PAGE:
Industry City Distillery is the newest venture of The City Foundry, a research and design group focused on improving small-scale manufacturing processes through the blending of science and art.
Building and operating a distillery requires a diversity of talent. They’ve assembled a team from all over the country: a printmaking biological engineer and science nerd; a machinist with a bent for sculpture; a code-wrangling graphic designer and fabricator; a yoga instructor turned business manager; a hard-drinking commercial salmon fisherman and a whole lot of yeast.
above: the talent behind the Industry City Distillery
The kind of massive, specialized infrastructure required to meet the exacting technical standards of their distilled products doesn’t come cheap, so they built it.
The City Foundry’s 6000 sq. foot space holds not only the distillery but everything needed to improve their process and grow their business, including a machine shop, a biological research lab, a design studio and onsite printing press, a business office, and a public space for tasting and events.
The folding of research, development and production together under one roof allows them the distinction of being the only distillery in the last century with all process equipment, including the stills, built in Brooklyn.
Here'a a film by Christopher Parker for the brand:
"Flutter" written & performed by Bonobo, Published by Just Isn't Music Limited/NinjaTune
"Composure" written & performed by B.Fleischmann, released by Morr Music
They take fermentation very seriously. The flavors they’re after in their vodka are created primarily by the interaction of yeast and their environment, and so they endeavor to control the process of fermentation carefully and accurately.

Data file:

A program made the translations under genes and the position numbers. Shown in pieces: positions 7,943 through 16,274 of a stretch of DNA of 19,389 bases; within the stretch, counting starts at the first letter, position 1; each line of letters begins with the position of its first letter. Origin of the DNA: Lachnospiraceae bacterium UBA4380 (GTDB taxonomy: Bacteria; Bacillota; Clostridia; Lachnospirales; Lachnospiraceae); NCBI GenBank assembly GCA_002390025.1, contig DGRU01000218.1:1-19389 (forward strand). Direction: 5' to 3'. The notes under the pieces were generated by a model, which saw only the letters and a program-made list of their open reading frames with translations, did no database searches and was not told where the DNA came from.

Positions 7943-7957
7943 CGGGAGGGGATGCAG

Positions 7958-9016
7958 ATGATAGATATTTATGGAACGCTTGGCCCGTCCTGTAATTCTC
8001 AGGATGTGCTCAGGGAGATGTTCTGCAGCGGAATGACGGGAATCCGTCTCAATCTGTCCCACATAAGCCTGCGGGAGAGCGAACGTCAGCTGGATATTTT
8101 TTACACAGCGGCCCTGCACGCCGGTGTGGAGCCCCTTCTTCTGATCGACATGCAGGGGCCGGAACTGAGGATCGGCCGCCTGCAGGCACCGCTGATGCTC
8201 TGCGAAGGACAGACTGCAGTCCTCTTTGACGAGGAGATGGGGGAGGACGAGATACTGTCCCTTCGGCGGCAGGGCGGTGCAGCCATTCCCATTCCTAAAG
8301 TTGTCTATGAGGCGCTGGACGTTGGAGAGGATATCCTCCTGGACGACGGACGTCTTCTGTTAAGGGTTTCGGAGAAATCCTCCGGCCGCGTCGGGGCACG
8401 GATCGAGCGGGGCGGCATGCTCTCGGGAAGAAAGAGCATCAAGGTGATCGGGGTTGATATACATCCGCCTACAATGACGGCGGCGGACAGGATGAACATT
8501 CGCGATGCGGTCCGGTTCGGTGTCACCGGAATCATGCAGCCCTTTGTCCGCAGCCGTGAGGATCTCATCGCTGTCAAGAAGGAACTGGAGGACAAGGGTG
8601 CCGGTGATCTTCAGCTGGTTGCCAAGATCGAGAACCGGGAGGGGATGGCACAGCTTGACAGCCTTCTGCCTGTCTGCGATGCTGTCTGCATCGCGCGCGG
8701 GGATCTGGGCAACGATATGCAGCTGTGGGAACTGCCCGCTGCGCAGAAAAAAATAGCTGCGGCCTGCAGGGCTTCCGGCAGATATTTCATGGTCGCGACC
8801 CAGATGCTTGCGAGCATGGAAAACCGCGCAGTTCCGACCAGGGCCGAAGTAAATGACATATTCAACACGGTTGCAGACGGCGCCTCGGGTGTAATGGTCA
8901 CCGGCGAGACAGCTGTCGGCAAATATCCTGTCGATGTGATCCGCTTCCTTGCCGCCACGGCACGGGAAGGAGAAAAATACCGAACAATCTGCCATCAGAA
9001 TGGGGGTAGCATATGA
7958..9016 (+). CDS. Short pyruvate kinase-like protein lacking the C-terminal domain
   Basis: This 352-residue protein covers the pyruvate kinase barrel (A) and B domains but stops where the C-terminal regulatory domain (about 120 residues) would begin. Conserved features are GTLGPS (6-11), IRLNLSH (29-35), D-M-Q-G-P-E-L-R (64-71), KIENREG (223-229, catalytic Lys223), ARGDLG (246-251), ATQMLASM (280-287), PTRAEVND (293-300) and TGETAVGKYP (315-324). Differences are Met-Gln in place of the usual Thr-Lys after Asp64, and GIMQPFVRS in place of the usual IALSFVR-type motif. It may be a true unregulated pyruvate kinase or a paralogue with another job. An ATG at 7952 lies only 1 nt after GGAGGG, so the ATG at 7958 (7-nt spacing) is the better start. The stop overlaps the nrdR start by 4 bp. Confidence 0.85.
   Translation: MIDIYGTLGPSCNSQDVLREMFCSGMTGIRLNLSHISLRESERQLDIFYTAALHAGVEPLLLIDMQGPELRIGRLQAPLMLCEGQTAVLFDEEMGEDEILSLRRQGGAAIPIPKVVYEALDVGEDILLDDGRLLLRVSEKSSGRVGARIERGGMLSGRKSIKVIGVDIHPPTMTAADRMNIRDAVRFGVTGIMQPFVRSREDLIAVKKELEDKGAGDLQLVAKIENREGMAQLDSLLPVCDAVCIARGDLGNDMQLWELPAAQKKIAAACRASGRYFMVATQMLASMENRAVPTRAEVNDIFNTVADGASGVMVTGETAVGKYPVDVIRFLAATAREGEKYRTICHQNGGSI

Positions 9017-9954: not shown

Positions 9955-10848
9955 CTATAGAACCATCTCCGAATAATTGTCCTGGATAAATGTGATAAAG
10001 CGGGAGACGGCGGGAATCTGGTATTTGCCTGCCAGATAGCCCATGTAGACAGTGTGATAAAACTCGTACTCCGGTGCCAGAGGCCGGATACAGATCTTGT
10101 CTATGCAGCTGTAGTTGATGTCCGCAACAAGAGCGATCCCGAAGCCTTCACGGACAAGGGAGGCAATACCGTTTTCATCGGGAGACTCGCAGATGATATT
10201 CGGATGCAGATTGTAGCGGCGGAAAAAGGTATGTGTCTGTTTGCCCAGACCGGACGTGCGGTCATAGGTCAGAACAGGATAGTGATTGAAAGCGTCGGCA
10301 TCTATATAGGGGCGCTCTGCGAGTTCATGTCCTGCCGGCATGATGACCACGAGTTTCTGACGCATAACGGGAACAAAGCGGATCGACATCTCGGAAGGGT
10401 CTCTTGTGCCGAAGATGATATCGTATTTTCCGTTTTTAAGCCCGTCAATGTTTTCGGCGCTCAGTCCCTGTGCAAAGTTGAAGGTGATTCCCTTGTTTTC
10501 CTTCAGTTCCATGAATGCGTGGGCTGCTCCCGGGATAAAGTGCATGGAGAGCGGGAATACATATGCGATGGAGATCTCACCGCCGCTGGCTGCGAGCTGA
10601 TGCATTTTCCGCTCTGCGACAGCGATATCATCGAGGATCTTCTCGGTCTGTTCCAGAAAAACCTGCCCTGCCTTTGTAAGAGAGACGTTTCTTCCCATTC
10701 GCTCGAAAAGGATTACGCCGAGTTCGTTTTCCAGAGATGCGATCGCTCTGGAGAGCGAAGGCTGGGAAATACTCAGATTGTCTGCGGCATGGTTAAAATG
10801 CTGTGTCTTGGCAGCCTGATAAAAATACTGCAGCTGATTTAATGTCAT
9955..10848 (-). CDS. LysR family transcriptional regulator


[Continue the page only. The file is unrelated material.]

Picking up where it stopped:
To do this, they’ve developed a fermentation system like no other distillery. Instead of using massive stainless steel tanks and fermenting in batches, they use banks of custom-built glass bioreactors in a continuous fermentation line.
They use a strain of yeast originally discovered in European sugar beet fields, which they immobilize in alginate beads. Sugar, nutrients, and alcohol are able to pass through the alginate, but the yeast themselves stay in place.
The bioreactor design emerged from a need to minimize, at every stage, the introduction or development of unwanted flavor components in their base product (or “wash”). This process ensures that no outside contaminants can grow in the wash, that little of the yeast can escape the fermentation system, and that they have the control wanted over the conditions of fermentation.
Clean, clear, sugar solution goes in, and clean, clear alcohol solution comes out. No settling tanks, no filtration, no need. Happy yeast and great ingredients make a delicious product; before the freshly fermented product ever makes it to the still, it's good enough to drink.
The first step in their process is a steam powered continuous stripping still. By introducing a small, constant drip of wash into a steam column, they are able to concentrate or "strip" the wash without scorching or over-boiling - an area where traditional distillation methods tend to impart unpleasant flavors.